USA's Story

World War I

How It All Started

USA really didn't want to go to war, and President Woodrow worked very hard to keep us neutral in the two and a half years leading up to us entering the war. Germany was getting under our skin, knowing their actions would almost indefinitely cause us to join the Allies in the fight against them, when, in 1917 Germany decided to resume full on submarine warfare, and then they sent the Zimmerman telegram. Even if Wilson wanted us to remain neutral, Americans were outraged, and to defend their Nation with their nationalistic pride, we entered the war on April 6th, 1917.

My Main Man- Colonel House

Edward Mandell House was President Wilson's BFF during the first four years of the war. According to FirstWorldWar.com, "(He was) Initially one of numerous advisers, House's increasingly close relationship with Wilson boosted his influence until he was widely acknowledged as the president's closest confidant." They went on to say, "embracing the Allied cause, House courted potential personal and political disaster during his second visit to Europe in January-March 1916. There, he met and agreed with the British Foreign Secretary Sir Edward Grey in February 1916 what amounted to an ultimatum to Germany: submit to American mediation on pain of U.S. military intervention.

Such an approach went far beyond anything that Wilson himself would have considered. However, House was spared from a likely breach with Wilson when the British government itself disavowed the agreement (commonly known as the House-Grey Memorandum.)"

Battle Stats

Killed- 58,480

Wounded- 189,955

"Missing" - 14,290

Propaganda? Or Propacantya?

Propaganda posters for England call for, "A fit man," to save the women and children and kick Germany and Belgium butt... Because apparently they're the devil! The only man "fit" for that war would've been a suicidal or already dying man, because although they weren't advertising the truth, the truth was that if you enlisted, nothing good would come out of it, unless death was what you have been praying for; With the harsh conditions in their barracks, i'm sure death was their only prayer anyways.

"A Thriving War Industry - Artificial Arms & Legs"

Photographers of the medical world in WWI, at least on FirstWorldWar.com, tried to show the best of it, there was a picture of smiling boys in sturdy beds white, clean sheets, in a hospital room with only the two beds, and a window. This couldn't have been further from the truth if the photo of the hospital room had a 90" flat screen color TV mounted on the wall in front of them. The truth of the matter was if there was a hospital around the battle front, it was underground, dirty, understaffed with snobby doctors, and there were dead, rotting bodies laying in the bed you'd be staying in, 5 minutes before you lied down.

A Defense Of Penny Dreadfuls

"The vast mass of humanity, with their vast mass of idle books and idle words, have never doubted and never will doubt that courage is splendid, that fidelity is noble, that distressed ladies should be rescued, and vanquished enemies spared." -A Defense of Penny Dreadfuls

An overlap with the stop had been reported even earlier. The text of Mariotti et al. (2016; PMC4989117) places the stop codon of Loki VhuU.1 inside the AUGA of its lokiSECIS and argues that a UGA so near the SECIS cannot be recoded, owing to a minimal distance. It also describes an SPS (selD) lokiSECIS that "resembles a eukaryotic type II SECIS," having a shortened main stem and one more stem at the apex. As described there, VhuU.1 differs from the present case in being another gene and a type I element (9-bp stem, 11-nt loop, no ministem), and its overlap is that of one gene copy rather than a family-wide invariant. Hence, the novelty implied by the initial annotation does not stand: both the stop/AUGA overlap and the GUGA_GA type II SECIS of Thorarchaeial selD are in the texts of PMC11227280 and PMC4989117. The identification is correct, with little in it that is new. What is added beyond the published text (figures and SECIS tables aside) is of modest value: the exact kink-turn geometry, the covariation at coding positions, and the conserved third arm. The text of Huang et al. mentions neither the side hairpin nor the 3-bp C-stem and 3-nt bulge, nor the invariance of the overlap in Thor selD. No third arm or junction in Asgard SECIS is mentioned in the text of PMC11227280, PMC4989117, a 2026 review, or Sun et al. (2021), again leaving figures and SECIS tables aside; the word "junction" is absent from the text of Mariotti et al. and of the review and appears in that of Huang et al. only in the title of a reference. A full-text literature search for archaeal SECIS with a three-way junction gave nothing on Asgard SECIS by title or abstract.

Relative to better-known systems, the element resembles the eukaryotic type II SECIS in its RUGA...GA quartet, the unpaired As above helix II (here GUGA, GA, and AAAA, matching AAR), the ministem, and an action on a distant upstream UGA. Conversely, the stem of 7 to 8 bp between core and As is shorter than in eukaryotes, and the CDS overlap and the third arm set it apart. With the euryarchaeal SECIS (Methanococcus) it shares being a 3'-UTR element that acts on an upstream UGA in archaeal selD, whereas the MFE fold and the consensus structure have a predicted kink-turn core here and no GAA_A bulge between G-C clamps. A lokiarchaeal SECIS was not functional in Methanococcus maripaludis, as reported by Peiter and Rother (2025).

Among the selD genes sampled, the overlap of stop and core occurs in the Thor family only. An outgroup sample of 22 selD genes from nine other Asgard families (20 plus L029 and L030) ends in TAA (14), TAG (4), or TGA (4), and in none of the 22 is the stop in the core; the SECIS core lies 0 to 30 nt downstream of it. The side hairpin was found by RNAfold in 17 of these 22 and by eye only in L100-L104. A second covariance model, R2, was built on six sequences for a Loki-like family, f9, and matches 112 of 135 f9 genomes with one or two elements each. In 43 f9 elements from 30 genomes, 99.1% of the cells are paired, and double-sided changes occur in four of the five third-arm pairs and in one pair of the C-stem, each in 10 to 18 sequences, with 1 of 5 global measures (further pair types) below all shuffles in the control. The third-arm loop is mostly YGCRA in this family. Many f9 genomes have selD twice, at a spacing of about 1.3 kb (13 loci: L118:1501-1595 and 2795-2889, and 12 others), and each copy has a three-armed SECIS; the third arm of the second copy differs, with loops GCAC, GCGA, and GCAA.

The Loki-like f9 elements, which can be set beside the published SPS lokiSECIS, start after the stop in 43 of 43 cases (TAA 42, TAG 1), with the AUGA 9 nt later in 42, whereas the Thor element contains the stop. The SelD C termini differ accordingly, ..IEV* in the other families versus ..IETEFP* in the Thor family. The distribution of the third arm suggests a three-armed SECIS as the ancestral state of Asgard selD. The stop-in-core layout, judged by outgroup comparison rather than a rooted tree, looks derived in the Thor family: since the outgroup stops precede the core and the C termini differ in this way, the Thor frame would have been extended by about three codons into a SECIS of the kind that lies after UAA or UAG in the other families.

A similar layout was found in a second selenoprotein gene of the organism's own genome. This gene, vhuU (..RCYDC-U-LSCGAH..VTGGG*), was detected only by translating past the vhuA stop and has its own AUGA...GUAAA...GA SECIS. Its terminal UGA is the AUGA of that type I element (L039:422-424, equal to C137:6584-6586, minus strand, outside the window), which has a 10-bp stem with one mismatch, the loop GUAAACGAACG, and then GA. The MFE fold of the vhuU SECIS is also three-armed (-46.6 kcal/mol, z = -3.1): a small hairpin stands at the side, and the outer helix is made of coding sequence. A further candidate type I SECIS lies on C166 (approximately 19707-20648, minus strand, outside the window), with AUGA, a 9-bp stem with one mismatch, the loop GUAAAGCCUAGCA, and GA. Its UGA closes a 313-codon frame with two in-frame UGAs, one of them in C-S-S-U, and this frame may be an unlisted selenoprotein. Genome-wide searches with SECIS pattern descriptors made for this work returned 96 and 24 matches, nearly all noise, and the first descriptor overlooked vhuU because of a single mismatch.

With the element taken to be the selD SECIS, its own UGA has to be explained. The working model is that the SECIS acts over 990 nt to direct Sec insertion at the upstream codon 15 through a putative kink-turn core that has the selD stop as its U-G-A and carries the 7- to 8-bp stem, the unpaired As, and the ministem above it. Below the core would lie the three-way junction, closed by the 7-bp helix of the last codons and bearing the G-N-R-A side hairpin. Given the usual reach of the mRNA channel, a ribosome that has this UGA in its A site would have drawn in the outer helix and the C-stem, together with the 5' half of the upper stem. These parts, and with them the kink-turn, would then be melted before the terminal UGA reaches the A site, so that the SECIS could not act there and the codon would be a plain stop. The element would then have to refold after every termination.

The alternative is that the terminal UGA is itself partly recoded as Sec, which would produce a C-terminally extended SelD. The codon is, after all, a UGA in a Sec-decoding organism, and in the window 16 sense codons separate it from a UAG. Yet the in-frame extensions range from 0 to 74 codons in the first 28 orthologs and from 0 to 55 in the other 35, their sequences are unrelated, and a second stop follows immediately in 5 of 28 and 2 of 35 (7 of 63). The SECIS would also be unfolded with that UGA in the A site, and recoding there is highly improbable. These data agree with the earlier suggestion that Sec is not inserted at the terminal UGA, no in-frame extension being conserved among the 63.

What I believe he is trying to say is that although we haven't read or spoken, the way we were raised is that courage is always a virtue, that you must be faithful, the damsel is always in distress and the men should rescue her because traditional gender roles are superior, and when the plane crashes like in Fly Boys and the already defeated pilot is alive on the ground, there is nothing noble about gunning him down to get another kill.

A psychological weapon- the bayonet

From reading on FirstWorldWar.com it became evident that since technological advances had been made, a bayonet is no longer the best tool for killing when there is a machine gun or flame thrower. Why did nearly every solider have his gun fitted with one if they weren't very effective then? Because the over seeing officers in this war were soldiers from previous wars, usually what they had seen to work best, (Before the advances however!) There were many things to over come when using a bayonet as well, "The first is overcome the reluctance to kill at close range. It is one thing to fire a musket at a distant target and see it fall. The other side is no longer a faceless target. At bayonet range, the soldier could look directly into the eyes of his opponent; he could hear the screams and perhaps be splashed with his foe’s blood. Secondly, with this reluctance to directly attack at close range, human instinct is to use other tools; such as the butt of the musket rather than an edged weapon. The final factor to overcome is not only the reluctance to use the bayonet but to overcome the fear of being stabbed yourself. Only when that fear is subdued are you willing to come to that intimate death dealing range. The bayonet is a bridge that links the past and the present. When the bayonet is attached to the weapon, whether it be a 16th century matchlock, a Springfield musket or a M-16, it converts what is a state of the art weapon into a weapon that could have been carried by a Greek Hoplite or a footman of Medieval times. The bayonet also serves as a serious psychological tool. When the bayonet is affixed to the weapon it affirms that the assault or defense is going to be a desperate affair. Prince Hohlerlon stated that “He who has not made up his mind to come at last to the bayonet can never win, for he can have no serious intention to assault.” Edward Costello, an officer in the British Expeditionary Force of the First World War, stated that “bayonets are vital for the moral effect on attacking troops.""